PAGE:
discussed the merits of organic food in detail, and has made the case that produce isn't such a huge source of toxins. The real concern is preserving chemical-free surroundings:A popular item of discussion on DiseaseProof is the benefits of only feeding kids organically grown fruits and vegetables, as it relates to limiting their exposure to pesticides. In previous posts Dr. Fuhrman has
We must be careful not to expose our children to chemical cleaners, insecticides, and weed killers on our lawns. Chemicals used in pressure-treated wood used to build lawn furniture, decks, fences, and swings sets have been shown to place children at risk. When children are around, we must be vigilant to maintain a chemical-free environment.In some cases this is easier said than done. According to Reuters New York State has nearly 900 hazadarous waste sites and contaminated bodies of water, as a result children living near these areas have a higher frequency of respiratory infections:
Dr. David O. Carpenter, director of the Institute for Health and the Environment, at the State University of New York at Albany, said these results are consistent with the hypothesis that simply living near a waste site constitutes a risk of exposure to contaminants, presumably by air transport, and that these chemicals can reduce immune system function and lead to more infections…It may seem obvious, but Dr. Carpenter’s study comes to an important conclusion:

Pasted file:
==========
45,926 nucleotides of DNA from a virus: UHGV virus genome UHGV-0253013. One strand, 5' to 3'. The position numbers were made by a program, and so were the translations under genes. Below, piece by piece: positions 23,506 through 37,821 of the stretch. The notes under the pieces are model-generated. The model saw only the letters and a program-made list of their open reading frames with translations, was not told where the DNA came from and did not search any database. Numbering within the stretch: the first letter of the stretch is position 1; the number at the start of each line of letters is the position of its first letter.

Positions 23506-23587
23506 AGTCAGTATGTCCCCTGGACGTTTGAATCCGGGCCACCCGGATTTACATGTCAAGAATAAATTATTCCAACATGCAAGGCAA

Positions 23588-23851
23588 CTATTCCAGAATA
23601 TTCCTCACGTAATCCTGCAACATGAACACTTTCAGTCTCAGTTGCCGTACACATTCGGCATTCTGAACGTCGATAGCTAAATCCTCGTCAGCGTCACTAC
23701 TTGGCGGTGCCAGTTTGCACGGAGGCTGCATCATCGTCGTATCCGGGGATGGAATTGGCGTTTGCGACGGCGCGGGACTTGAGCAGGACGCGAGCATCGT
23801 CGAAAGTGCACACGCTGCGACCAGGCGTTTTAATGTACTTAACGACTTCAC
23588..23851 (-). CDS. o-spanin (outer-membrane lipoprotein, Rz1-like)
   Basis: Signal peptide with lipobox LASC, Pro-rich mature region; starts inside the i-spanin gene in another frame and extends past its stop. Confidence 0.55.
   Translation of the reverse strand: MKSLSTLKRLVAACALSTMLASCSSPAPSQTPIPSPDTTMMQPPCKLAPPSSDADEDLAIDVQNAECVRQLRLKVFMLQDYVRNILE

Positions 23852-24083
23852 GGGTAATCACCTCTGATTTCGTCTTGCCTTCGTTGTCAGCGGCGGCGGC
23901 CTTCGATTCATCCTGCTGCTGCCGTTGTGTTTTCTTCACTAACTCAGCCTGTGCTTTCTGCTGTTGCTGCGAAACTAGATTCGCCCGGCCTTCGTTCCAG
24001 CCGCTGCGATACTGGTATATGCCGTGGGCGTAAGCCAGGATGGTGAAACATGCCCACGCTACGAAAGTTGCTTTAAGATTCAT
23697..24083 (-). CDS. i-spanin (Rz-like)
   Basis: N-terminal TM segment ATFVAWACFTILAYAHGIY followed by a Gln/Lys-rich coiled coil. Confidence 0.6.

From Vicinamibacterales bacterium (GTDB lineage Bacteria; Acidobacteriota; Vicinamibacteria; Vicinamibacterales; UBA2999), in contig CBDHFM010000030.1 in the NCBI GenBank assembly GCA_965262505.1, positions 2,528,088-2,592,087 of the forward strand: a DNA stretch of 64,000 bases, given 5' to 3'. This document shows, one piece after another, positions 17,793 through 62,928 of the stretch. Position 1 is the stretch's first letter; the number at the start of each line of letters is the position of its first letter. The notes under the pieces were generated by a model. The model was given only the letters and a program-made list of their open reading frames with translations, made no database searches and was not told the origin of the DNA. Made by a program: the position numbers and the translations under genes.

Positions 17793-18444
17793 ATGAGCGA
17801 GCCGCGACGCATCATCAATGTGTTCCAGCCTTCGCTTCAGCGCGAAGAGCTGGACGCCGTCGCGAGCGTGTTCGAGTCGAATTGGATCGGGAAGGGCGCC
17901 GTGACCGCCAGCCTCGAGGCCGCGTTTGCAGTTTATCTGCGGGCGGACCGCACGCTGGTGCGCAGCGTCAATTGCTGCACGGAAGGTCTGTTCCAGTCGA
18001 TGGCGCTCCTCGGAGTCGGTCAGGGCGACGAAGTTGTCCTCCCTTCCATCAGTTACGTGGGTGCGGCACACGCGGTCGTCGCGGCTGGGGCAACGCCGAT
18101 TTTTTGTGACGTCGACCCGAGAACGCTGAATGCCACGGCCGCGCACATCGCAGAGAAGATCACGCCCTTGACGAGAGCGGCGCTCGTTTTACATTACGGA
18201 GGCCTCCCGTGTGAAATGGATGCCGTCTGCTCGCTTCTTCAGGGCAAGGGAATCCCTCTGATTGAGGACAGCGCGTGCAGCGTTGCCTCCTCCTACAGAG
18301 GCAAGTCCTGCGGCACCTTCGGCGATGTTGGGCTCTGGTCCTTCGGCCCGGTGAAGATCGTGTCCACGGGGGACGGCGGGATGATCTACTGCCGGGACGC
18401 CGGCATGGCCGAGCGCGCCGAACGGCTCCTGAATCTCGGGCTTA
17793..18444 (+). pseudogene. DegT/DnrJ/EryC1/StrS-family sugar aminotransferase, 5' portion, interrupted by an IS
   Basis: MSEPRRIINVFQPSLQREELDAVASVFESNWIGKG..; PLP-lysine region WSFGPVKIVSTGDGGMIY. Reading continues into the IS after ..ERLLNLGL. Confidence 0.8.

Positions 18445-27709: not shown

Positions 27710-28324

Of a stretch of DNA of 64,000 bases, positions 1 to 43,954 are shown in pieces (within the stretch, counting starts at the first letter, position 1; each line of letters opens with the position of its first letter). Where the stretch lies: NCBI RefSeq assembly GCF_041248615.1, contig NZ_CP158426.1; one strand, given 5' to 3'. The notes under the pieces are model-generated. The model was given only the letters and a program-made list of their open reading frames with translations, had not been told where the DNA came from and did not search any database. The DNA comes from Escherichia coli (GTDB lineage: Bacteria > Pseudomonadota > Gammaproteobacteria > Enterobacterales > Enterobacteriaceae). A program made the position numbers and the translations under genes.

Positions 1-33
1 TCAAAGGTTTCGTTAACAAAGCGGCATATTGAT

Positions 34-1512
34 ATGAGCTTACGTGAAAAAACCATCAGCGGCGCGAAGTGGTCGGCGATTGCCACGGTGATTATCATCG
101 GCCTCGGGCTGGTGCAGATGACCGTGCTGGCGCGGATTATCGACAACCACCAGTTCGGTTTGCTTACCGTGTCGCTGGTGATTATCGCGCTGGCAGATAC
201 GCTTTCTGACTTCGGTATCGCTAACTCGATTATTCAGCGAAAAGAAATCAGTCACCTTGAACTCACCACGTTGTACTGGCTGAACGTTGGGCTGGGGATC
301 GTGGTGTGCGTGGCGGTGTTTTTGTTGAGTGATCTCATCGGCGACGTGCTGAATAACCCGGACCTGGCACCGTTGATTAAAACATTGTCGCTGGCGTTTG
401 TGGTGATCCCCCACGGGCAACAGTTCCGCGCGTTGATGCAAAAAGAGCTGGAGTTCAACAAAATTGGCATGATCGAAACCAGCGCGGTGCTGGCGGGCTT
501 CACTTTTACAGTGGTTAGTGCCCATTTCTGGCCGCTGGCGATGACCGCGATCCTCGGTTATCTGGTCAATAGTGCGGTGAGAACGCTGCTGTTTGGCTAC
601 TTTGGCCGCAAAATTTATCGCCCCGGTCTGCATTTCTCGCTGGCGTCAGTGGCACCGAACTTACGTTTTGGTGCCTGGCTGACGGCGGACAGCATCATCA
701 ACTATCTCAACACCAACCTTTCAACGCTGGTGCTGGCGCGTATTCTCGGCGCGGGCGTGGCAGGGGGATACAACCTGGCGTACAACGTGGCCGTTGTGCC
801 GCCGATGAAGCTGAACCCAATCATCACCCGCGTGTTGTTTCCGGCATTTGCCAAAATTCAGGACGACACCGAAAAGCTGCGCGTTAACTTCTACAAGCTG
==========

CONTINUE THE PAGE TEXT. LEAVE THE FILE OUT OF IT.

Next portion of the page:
… Carpenter, who reported the study this week in Germany at the annual meeting of the European Respiratory Society, told Reuters Health: "Our major finding is that children living near to waste sites, whether landfills or contaminated bodies of water, are hospitalized more frequently with acute respiratory infections," compared to children living in "clean" areas.
Carpenter said this study shows that exposure to organic pollutants and other contaminants can harm health and just living near to a contaminated site may cause exposure.